Tuesday, 2 June 2015


“When music fails to agree to the ear, to soothe the ear and the heart and the senses, then it has missed the point.” - Maria Callas

Orpheus in Greek mythology was a legendary hero who had god-like musical skills. He was the son of a Muse (probably Calliope, the patron of epic poetry) and Oeagrus, a king of Thrace (or even the god Apollo). According to some legends, Apollo gave Orpheus his first lyre. Orpheus’ singing and playing were so beautiful that animals and even trees and rocks moved about him in dance.

Orpheus joined the expedition of Jason and the Argonauts, saving them from the music of the Sirens by playing his own, more powerful music. On his return, he married the nymph Eurydice, who soon after was killed by a snakebite. Overcome with grief, Orpheus went to the land of the dead to attempt to bring Eurydice back to life.

With his singing and playing he charmed the ferryman of the dead, Charon, and the three-headed watchdog of the underworld, Cerberus. Orpheus’ music and grief so moved Hades, king of the underworld, that Orpheus was allowed to take Eurydice with him back to the world of life and light. Hades set one condition, however: On leaving the land of death, both Orpheus and Eurydice were forbidden to look back. The couple climbed up toward the opening into the land of the living, and Orpheus, seeing the Sun again, turned back to share his delight with Eurydice. At that moment, she disappeared, lost to him forever.

Orpheus himself was later killed by the women of Thrace. Aeschylus, says that they were Maenads urged by Dionysus to tear him to pieces in a Bacchic orgy because he preferred the worship of the rival god Apollo. The dismembered limbs of Orpheus were gathered up and buried by the Muses. His lyre they had placed in the heavens as a constellation. The story of Orpheus was transformed and provided with a happy ending in the medieval English romance of Sir Orfeo. The character of Orpheus appears in Monteverdi's 'Orfeo' in the 16th century, Christoph Gluck’s opera 'Orfeo ed Euridice' in the 18th century,  in Jean Cocteau’s drama and film “Orphée” and the Brazilian film “Black Orpheus”  in the 20th century.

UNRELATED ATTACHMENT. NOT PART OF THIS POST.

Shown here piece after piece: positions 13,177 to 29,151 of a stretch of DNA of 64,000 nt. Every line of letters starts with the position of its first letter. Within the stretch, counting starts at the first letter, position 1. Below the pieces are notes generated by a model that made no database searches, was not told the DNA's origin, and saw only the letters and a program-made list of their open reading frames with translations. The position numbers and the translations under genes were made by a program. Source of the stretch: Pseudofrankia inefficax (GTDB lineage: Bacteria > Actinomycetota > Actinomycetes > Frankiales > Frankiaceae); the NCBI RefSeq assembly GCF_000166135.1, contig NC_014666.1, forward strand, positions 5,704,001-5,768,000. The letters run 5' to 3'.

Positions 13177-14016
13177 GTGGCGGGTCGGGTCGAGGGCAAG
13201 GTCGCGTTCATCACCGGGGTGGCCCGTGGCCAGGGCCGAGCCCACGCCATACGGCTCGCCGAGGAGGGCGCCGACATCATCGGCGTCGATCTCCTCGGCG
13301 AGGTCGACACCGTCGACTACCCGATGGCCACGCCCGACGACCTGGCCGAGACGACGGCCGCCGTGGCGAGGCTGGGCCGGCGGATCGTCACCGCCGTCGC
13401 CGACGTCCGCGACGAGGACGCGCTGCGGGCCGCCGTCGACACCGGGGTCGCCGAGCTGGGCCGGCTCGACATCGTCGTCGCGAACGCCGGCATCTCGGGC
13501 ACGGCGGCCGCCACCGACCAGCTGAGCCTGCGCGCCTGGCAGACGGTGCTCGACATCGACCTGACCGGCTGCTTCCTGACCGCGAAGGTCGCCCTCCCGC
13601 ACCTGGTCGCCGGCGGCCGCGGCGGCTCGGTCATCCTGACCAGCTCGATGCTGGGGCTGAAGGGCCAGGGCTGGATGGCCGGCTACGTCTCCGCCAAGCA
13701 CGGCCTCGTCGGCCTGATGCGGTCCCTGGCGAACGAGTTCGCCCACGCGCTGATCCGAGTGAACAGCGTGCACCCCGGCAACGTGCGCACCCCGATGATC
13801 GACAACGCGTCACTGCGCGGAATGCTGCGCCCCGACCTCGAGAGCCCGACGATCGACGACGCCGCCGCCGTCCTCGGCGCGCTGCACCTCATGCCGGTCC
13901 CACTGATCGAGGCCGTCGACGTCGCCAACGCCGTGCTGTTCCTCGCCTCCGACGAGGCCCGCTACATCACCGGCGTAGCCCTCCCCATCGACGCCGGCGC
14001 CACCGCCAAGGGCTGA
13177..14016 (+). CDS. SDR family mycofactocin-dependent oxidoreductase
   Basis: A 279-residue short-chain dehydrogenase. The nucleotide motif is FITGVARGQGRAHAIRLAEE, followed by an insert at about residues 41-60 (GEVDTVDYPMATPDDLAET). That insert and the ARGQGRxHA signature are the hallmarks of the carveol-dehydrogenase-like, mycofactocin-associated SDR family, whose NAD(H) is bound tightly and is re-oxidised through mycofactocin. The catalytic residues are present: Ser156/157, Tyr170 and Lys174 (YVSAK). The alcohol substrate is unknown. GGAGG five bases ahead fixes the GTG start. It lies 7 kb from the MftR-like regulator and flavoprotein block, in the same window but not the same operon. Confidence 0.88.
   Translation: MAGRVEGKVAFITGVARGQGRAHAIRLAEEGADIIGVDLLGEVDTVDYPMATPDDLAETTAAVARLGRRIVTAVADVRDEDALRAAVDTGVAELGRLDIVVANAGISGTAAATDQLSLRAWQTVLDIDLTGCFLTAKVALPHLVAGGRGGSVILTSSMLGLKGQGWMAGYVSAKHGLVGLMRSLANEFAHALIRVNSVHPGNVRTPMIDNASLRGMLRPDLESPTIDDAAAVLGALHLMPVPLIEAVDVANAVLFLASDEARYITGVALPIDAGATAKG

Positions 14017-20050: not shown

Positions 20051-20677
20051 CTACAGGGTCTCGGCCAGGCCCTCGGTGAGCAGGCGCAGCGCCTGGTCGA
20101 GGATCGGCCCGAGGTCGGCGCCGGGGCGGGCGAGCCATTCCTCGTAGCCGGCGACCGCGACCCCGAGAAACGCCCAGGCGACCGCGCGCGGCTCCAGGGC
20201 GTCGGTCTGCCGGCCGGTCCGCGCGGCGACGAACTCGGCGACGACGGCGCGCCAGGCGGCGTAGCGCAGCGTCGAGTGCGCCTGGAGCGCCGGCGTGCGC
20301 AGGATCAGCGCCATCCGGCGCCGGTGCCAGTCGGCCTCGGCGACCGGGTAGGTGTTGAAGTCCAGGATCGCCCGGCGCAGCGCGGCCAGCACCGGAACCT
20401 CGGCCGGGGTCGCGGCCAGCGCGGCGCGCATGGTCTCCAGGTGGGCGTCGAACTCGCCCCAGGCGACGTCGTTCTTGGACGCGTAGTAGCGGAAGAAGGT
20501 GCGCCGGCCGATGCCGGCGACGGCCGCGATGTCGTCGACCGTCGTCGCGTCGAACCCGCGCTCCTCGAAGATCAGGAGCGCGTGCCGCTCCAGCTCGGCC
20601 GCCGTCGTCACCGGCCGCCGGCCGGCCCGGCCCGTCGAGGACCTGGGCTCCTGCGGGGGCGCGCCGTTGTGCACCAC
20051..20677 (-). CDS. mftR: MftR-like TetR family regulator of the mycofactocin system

The painting above is Peter Paul Rubens’ “Orpheus and Eurydice”, painted between 1636 and 1638. It is a large work 194 × 245 cm, and is now housed in the Kunsthaus Zürich, Switzerland.

Here is the theme song from “Black Orpheus” sung by Astrud Gilberto. “Manhã de Carnaval” (“Morning of Carnival”), is the title to the most popular song by Brazilian composers, Luiz Bonfá and Antonio Maria. The song appeared in the 1959 Portuguese-language film Orfeu Negro (English titled: Black Orpheus), by French director Marcel Camus based on a play by Vinícius de Moraes. Specially in the USA, the song is considered to be one of the most important Brazilian Jazz/Bossa songs that helped establish the Bossa Nova movement in the late 1950s. Manhã de Carnaval has become a jazz standard in the USA, while it is still performed regularly by a wide variety of musicians around the world in its vocal version or just as an instrumental one.

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